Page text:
Tuesday

Z is for Zipping Up for a Zigzag in the Zoup



Z is for Zipping Up for a Zigzag in the Zoup.

Zedonk may be a cross between a zebra and a donkey, but it’s also the sound you make soon after climbing upon a horse in a spiffy new pair of leather full-seat breeches or custom chaps on a muddy day.

Zoom. And zplat.

And that’s the end of those stylish riding clothes. Bet ya feel like a zadonk now!

The Mane Point is participating again in the April A to Z blogging challenge, posting daily with alphabetical entries.

For this year's A-Z event, a month of posts will offer Turfy’s A-Z Rules of Horsemanship, with all due apologies to the original Murphy of Murphy’s Law,  which basically said, "If anything can go wrong, it probably will."

Horse lovers may have heard some of these uncannily true, yet often ironic, statements in various forms in the past. Or not.

Image/s:
Western flair
Smithsonian Institute vintage photo 
public domain
Turfy’s A-Z Rules of Horsemanship
Adapted from public domain clipart

Feel free to follow on GooglePlus and Twitter. You are also invited to join this writer's fan page, as well as the Chicago Etiquette Examiner, Madison Holidays Examiner, Equestrian Examiner and Madison Equestrian Examiner on Facebook.

Monday

Y is for Yearning for Youth



Y is for Yearning for Youth.


Yesterday, we were all younger. And young riders do tend to bounce right back, even if they tumble from their horses. The rest of us simply crumble.

The late celebrity cowboy and songster Roy Rogers has been widely credited with this pithy saying: “When you’re young and you fall off a horse, you may break something. When you’re older, you splatter.”

Oh, yes.


We who are a bit past our youth are not yellow. We’re just not quite ready to go all the way yonder, when our horses refuse to yield.


The Mane Point is participating again in the April A to Z blogging challenge, posting daily with alphabetical entries.

For this year's A-Z event, a month of posts will offer Turfy’s A-Z Rules of Horsemanship, with all due apologies to the original Murphy of Murphy’s Law,  which basically said, "If anything can go wrong, it probably will."

Horse lovers may have heard some of these uncannily true, yet often ironic, statements in various forms in the past. Or not.

Image/s:
Flying Lessons by Thowra_UK
Creative Commons Licensing Photos
Turfy’s A-Z Rules of Horsemanship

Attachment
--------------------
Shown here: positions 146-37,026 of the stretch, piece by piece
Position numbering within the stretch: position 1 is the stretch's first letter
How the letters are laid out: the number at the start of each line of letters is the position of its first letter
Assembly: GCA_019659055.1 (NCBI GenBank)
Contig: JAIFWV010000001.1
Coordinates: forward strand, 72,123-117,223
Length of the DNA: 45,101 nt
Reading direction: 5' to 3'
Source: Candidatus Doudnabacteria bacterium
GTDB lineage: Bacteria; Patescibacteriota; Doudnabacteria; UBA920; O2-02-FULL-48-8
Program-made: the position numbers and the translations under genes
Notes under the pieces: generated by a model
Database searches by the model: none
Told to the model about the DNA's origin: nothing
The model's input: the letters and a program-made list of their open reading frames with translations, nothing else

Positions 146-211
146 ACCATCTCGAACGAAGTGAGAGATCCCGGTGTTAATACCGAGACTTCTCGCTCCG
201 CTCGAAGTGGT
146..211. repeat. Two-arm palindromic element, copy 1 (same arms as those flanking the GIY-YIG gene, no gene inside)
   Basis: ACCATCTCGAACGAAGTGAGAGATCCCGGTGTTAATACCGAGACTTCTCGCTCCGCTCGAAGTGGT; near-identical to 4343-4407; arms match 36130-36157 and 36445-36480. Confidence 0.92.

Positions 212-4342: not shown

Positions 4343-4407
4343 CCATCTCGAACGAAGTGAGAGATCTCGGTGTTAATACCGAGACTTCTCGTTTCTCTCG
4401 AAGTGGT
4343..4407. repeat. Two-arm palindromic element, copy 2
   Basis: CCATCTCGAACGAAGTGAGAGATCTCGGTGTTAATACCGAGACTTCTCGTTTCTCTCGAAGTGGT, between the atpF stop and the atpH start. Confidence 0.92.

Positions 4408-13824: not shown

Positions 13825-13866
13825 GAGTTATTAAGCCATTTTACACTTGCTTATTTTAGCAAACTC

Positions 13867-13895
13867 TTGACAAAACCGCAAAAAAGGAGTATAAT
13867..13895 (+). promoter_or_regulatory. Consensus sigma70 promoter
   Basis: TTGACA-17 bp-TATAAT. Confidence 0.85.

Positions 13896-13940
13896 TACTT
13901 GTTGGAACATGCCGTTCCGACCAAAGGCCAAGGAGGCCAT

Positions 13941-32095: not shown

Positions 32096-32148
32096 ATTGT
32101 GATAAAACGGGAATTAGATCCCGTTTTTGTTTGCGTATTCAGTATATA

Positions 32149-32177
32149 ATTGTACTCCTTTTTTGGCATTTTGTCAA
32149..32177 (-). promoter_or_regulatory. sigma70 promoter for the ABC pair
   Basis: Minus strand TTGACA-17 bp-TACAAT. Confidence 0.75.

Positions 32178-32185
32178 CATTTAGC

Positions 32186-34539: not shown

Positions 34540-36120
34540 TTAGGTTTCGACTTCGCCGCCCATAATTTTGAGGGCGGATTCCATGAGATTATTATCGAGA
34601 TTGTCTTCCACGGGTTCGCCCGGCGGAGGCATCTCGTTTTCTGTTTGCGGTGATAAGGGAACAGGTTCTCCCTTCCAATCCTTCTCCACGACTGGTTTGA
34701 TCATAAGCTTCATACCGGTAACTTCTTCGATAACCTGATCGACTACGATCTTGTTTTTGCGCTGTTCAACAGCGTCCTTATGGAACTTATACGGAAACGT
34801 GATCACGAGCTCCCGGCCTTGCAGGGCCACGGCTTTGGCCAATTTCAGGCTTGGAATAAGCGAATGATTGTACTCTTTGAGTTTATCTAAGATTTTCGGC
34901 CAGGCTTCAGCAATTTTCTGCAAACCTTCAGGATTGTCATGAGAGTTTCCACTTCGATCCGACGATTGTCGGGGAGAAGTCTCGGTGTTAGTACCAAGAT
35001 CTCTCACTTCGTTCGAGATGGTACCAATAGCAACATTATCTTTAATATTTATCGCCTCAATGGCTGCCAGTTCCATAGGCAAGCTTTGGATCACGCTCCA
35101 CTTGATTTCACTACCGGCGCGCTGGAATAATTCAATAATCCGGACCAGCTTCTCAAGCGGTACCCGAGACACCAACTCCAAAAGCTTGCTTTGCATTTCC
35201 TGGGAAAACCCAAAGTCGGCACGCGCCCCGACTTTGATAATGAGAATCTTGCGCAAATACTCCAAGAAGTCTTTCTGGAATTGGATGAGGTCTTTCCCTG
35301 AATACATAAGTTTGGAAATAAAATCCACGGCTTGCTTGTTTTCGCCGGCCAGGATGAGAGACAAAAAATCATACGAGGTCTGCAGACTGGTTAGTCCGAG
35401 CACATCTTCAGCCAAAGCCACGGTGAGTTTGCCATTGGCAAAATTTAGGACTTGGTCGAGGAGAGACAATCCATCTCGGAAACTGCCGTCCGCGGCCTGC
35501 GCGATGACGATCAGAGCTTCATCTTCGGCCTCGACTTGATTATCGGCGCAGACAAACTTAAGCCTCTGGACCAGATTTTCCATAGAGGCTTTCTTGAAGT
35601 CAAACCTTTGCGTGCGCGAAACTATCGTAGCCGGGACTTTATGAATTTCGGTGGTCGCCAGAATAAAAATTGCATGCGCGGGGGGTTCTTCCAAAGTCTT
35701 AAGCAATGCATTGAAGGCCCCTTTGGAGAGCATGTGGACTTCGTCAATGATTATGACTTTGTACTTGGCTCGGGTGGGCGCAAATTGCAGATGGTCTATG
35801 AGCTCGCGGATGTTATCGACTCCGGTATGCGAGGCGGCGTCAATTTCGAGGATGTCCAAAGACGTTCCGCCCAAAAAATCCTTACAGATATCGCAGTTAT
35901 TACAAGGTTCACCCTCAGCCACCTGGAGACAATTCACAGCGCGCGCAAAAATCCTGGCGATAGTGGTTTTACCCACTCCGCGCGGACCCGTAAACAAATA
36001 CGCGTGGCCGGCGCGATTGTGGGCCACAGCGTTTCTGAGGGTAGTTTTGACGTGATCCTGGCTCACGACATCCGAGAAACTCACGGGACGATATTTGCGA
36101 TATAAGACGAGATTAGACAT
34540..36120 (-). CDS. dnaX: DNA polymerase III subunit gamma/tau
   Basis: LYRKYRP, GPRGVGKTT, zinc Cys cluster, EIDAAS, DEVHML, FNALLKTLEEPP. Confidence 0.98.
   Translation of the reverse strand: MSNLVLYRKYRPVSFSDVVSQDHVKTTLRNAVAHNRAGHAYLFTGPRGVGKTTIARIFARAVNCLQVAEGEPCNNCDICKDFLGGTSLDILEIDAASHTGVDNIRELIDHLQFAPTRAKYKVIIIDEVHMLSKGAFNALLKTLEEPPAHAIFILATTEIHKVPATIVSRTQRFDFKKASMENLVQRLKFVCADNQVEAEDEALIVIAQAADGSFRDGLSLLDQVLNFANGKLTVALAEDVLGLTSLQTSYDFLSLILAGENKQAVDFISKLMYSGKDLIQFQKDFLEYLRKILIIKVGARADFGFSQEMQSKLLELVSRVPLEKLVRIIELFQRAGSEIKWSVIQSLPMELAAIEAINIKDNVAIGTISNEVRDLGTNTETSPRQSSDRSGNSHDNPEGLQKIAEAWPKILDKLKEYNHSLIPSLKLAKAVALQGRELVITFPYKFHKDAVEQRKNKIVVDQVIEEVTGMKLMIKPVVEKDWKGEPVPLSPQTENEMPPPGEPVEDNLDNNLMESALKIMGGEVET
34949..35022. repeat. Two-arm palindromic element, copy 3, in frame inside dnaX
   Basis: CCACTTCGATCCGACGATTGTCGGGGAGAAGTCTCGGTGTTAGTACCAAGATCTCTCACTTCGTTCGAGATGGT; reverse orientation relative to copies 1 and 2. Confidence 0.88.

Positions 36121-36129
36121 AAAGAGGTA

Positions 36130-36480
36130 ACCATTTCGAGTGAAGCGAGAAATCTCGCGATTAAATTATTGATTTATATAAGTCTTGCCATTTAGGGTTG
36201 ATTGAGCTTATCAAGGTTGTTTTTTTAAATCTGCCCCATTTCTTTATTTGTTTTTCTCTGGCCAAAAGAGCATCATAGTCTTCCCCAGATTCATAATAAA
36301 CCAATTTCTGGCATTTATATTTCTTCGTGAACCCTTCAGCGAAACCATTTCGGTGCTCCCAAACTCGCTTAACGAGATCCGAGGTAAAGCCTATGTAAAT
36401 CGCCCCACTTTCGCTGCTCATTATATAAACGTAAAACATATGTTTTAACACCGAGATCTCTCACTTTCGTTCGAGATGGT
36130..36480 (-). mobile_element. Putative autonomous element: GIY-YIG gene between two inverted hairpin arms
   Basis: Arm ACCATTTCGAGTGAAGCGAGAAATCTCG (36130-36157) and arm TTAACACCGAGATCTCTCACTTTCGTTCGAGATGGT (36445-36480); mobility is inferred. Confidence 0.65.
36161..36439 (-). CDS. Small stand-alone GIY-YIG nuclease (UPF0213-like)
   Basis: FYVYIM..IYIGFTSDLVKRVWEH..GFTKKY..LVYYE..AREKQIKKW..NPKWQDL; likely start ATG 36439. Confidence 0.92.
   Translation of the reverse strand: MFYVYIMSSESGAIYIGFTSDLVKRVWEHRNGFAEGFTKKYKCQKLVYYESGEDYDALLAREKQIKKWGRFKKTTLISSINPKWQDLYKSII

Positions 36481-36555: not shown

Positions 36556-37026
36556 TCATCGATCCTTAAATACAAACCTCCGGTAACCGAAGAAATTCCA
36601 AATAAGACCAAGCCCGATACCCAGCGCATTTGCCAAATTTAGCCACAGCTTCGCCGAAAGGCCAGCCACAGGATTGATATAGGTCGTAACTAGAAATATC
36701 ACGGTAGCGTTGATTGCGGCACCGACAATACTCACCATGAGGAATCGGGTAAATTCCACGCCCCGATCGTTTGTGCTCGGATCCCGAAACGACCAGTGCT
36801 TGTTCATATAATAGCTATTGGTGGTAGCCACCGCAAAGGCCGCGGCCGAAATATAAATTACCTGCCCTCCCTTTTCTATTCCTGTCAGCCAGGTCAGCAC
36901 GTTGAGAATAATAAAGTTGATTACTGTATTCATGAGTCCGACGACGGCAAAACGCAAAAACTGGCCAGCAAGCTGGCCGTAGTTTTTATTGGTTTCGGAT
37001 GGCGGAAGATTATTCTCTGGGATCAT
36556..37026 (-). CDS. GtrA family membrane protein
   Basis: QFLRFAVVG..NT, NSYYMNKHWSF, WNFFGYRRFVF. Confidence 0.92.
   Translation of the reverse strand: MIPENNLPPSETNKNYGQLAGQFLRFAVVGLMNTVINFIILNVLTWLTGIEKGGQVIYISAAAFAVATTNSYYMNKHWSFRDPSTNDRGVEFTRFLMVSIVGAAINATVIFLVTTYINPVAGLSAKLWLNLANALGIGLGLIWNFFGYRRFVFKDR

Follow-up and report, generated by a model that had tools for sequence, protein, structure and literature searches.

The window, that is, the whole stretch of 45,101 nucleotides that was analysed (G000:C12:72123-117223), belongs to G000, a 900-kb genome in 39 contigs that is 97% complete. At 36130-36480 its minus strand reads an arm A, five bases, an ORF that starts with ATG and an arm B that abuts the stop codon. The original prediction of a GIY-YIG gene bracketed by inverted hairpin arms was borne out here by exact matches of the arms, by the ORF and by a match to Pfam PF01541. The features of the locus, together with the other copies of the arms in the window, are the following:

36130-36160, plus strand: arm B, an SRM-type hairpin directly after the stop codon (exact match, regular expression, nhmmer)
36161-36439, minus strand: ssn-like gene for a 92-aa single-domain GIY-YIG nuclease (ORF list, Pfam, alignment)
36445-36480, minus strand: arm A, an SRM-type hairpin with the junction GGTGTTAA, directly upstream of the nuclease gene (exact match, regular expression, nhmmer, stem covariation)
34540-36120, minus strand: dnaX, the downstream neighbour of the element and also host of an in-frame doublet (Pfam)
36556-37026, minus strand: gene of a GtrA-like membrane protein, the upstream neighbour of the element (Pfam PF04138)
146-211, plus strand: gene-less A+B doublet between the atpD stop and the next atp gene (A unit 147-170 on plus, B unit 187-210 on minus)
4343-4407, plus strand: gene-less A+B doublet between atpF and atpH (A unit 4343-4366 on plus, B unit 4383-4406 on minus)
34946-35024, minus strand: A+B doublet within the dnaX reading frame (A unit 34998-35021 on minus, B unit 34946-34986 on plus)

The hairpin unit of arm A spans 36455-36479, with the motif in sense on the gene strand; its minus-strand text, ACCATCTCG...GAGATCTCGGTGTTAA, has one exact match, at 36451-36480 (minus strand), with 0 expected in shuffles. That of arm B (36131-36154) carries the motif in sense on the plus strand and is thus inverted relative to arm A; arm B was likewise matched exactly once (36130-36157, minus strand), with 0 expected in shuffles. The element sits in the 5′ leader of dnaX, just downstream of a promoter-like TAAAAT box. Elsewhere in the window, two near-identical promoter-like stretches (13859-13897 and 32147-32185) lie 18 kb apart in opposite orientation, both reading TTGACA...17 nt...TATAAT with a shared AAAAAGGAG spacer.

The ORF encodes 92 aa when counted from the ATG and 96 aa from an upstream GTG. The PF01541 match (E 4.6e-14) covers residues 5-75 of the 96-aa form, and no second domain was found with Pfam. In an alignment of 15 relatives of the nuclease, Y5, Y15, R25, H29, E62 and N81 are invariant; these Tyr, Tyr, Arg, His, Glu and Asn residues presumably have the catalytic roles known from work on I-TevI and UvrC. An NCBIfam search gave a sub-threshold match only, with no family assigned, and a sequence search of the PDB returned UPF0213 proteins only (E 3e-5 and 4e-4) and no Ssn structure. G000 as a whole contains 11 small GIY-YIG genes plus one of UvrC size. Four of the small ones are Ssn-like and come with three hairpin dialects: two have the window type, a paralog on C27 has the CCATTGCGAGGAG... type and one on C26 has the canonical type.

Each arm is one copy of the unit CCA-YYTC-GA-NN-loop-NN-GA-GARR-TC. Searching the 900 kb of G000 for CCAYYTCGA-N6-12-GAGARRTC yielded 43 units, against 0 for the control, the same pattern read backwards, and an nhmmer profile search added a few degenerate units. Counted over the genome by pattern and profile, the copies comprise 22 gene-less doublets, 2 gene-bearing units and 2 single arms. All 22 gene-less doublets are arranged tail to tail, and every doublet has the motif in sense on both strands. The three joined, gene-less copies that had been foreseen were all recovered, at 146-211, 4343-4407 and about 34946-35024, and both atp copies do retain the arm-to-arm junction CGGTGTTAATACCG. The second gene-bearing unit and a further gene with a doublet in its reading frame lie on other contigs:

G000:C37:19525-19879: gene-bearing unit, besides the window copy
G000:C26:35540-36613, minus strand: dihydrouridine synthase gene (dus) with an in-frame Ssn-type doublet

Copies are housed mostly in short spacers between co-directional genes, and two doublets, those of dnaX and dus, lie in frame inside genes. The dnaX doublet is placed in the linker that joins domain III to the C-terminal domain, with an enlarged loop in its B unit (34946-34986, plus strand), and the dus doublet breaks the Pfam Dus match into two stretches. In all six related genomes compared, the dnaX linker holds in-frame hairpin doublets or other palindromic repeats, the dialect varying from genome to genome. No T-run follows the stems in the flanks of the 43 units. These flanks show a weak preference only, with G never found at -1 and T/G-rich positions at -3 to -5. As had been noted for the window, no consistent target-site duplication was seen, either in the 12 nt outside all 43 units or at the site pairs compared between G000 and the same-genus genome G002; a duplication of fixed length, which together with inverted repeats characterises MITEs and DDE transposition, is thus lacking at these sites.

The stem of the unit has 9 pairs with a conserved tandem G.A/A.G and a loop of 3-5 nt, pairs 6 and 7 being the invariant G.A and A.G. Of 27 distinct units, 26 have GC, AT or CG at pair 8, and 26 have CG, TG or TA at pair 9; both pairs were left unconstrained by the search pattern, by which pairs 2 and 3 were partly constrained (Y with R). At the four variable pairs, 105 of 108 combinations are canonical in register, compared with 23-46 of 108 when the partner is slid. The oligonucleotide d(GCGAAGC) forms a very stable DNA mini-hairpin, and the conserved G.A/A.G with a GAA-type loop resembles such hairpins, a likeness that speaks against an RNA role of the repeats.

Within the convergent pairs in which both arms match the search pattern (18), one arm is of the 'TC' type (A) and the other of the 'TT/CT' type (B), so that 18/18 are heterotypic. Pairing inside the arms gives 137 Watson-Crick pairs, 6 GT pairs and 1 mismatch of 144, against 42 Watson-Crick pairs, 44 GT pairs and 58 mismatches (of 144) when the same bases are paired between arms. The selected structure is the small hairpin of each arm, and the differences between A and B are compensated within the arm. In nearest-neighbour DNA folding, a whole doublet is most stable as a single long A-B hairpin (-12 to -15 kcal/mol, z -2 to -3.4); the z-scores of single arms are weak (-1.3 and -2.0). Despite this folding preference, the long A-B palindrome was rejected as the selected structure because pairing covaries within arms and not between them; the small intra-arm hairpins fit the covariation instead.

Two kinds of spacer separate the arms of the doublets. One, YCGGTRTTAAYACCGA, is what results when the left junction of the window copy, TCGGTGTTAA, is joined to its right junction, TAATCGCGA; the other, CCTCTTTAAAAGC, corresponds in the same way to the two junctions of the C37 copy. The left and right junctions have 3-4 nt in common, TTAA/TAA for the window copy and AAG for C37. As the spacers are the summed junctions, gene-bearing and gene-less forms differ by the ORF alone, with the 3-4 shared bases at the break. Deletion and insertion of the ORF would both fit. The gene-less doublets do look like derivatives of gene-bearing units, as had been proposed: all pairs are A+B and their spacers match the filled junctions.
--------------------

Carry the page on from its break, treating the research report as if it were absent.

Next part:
Adapted from public domain clipart

Feel free to follow on GooglePlus and Twitter. You are also invited to join this writer's fan page, as well as the Chicago Etiquette Examiner, Madison Holidays Examiner, Equestrian Examiner and Madison Equestrian Examiner on Facebook.

 


Saturday

X is for eXquisite eXpenditures



X is for eXquisite eXpenditures.

Horses have good taste, and they know. Extravagant leather tack always tastes better than rough-cut everyday training tack. The more bling, the better.

For ages, horsemen and horsewomen have pondered questions like:  Why won’t my horse chew on that grungy old bridle with the tarnished conchos, so I can justify buying a new one?

A near runner-up to a brand-new bridle or a fancy leather show halter, to a chew-happy horse, is always a freshly cleaned and conditioned one.

Maybe fresh leather simply tastes as good as it smells.


The Mane Point is participating again in the April A to Z blogging challenge, posting daily with alphabetical entries.

For this year's A-Z event, a month of posts will offer Turfy’s A-Z Rules of Horsemanship, with all due apologies to the original Murphy of Murphy’s Law,  which basically said, "If anything can go wrong, it probably will."

Horse lovers may have heard some of these uncannily true, yet often ironic, statements in various forms in the past. Or not.
 
Image/s:

Paso Fino in Tack 
by Arsdelicata 
Creative Commons Licensing Photos 
Turfy’s A-Z Rules of Horsemanship
Adapted from public domain clipart

Feel free to follow on GooglePlus and Twitter. You are also invited to join this writer's fan page, as well as the Chicago Etiquette Examiner, Madison Holidays Examiner, Equestrian Examiner and Madison Equestrian Examiner on Facebook.


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